Last month, the judges of the Calcutta High Court in Kolkata rejected the Union cabinet decision to the change the name of the first high court in South Asia to Kolkata High Court. The Union cabinet had decided to change the names of Bombay and Madras High Court too, to Mumbai and Chennai High Courts. The Union cabinet decision was made on 5th July. Thereafter, on 11th July, judges of the “Calcutta” High Court unanimously opposed the name change idea. Nevertheless, the Union government went ahead and moved the bill in the Lok Sabha – the the High Courts (Alteration of Names) Bill. For Kolkata, it proposed that the ‘High Court of Judicature at Calcutta’ is renamed to ‘High Court of Judicature at Kolkata’. Symbolism aside, names have meanings. So do name changes and the names to which they are changed.
Rochelle Pinto reviews Filipa Lowndes Vicente’s ‘Other Orientalisms – India between Florence and Bombay 1860-1900’, a book tracing the interaction between Florence and Bombay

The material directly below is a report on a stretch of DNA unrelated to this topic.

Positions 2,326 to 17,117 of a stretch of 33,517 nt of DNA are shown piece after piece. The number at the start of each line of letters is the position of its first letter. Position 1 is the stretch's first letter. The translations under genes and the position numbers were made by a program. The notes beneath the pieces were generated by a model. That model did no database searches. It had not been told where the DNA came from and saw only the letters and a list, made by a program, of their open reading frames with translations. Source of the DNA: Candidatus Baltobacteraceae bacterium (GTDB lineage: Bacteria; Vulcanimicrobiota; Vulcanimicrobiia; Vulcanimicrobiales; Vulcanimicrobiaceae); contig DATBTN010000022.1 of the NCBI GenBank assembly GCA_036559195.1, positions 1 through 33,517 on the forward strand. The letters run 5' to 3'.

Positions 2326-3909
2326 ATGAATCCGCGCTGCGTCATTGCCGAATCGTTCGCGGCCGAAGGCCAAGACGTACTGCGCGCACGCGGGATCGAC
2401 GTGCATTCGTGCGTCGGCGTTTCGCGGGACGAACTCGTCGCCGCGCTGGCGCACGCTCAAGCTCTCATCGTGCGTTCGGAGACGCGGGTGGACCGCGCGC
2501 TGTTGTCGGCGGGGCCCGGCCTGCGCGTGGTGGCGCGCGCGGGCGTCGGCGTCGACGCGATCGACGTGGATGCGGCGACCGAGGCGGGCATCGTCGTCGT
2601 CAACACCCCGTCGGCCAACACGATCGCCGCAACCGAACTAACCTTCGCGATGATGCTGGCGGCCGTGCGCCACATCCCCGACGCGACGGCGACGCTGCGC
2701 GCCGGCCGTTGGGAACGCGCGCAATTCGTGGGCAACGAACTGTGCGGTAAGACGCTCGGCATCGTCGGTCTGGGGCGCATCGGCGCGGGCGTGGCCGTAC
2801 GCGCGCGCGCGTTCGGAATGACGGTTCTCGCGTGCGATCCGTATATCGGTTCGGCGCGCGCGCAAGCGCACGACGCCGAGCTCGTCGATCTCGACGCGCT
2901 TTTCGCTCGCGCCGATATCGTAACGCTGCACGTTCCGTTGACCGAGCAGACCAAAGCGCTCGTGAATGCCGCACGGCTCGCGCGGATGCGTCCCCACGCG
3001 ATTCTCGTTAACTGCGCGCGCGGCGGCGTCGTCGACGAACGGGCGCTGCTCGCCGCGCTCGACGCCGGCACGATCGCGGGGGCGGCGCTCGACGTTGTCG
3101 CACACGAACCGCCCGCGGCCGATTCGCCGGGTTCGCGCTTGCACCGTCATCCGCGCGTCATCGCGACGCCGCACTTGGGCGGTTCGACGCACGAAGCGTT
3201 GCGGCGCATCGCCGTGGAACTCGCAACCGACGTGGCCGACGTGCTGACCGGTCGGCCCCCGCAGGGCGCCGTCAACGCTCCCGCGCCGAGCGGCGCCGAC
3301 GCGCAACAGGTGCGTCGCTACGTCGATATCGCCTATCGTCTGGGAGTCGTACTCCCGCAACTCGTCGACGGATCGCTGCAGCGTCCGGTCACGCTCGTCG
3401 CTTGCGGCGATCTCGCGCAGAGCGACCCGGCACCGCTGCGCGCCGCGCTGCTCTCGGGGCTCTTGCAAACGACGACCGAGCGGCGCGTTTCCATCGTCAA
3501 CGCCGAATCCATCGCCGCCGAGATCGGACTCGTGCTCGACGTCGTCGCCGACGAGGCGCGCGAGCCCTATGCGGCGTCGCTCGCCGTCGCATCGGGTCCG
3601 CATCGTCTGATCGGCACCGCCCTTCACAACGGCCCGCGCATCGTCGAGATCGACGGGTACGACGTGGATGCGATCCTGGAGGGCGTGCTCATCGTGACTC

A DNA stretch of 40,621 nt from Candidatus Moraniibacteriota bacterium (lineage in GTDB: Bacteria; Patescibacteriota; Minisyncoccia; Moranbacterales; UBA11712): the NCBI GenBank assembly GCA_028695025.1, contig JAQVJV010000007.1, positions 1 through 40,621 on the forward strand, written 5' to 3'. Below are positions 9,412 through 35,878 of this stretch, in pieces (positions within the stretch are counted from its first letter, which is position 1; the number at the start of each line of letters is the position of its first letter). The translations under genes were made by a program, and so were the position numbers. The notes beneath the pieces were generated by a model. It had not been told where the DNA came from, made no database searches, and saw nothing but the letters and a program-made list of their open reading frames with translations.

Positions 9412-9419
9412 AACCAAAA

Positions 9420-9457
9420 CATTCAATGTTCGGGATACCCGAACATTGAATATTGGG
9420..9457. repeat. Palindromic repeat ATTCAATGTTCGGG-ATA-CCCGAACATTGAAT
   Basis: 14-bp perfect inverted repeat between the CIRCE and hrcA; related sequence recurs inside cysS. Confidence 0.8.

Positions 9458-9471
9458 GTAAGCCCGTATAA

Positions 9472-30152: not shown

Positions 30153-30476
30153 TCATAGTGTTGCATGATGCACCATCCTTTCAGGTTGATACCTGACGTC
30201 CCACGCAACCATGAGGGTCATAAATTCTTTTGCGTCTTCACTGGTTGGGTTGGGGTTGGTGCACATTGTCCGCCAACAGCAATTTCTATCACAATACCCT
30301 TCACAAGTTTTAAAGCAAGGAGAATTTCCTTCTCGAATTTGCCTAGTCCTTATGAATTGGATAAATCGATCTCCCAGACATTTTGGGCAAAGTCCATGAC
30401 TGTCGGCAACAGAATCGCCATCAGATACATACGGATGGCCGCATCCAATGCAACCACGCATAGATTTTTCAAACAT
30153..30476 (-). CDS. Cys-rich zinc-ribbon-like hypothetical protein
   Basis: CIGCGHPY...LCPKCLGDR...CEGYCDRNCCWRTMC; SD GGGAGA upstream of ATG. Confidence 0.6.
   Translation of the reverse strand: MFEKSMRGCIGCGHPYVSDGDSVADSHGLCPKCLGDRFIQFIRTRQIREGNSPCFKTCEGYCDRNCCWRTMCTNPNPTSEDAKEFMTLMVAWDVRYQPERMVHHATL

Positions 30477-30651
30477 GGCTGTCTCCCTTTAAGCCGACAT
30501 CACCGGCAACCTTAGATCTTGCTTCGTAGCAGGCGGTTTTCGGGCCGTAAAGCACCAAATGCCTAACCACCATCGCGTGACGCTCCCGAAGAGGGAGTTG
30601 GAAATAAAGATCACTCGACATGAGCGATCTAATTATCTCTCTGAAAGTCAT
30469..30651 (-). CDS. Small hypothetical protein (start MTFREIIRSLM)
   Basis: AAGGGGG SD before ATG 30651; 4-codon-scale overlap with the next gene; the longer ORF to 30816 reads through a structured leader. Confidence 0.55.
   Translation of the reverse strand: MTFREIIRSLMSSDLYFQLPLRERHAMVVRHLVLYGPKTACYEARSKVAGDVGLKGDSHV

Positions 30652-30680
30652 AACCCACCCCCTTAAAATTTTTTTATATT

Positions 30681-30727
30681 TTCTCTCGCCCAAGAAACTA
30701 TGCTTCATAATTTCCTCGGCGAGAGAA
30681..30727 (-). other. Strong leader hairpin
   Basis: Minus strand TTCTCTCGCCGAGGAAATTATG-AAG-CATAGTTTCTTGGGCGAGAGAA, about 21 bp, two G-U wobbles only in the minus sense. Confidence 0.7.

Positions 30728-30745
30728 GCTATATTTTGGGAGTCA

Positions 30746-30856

Though elections are over in Assam but air is still tempered with political tensions. This is probably the most unpredictable electoral fight ever in Assam between newly emerged BJP and the ruling party Congress. In this elections most crucial tug of war between the two major party was over the vote banks of present and ex tea garden workers, who play deciding role in 35 seats. They are included among what are popularly called the Tea tribes, who are estimated to be about 60 lakhs in Assam.
You may have heard of Gwalia in Khasia, the book by Nigel Jenkins but had heard of the film? Watch this classic BBC documentary on the history and politics of Khasi Hills
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Ia ka History ngi pule ym tang kum ka jingiathuh khana, hynrei ngi dei ruh ban pynshai shynna (interpret) ia ki jingjia history na kawei ka pateng sha kawei pat. Ki jingjia ha ka history ym dei ba ki iathuh ne kdew tang shaphang ka mynnor, khamtam eh ka History ka don ruh ban hikai bad pyrsad mynsiem thymmai ia ka mynta. Ka Raiot ka kynmaw burom ia U Kiang Nangbah kum u riewpaidbah bad u riewiakhun na ka bynta ki khun ki hajar bad ki nongshong shnong jong ka Hima Sutnga
While state seems in no mood to repeal bloody AFSPA and continue oppression on people by killing dissident voices with impunity, people are bound to revolt. A continuous humiliation and torture of people living under AFSPA is just unbearable. This colonial rule and bloody thrust of power and resources must end.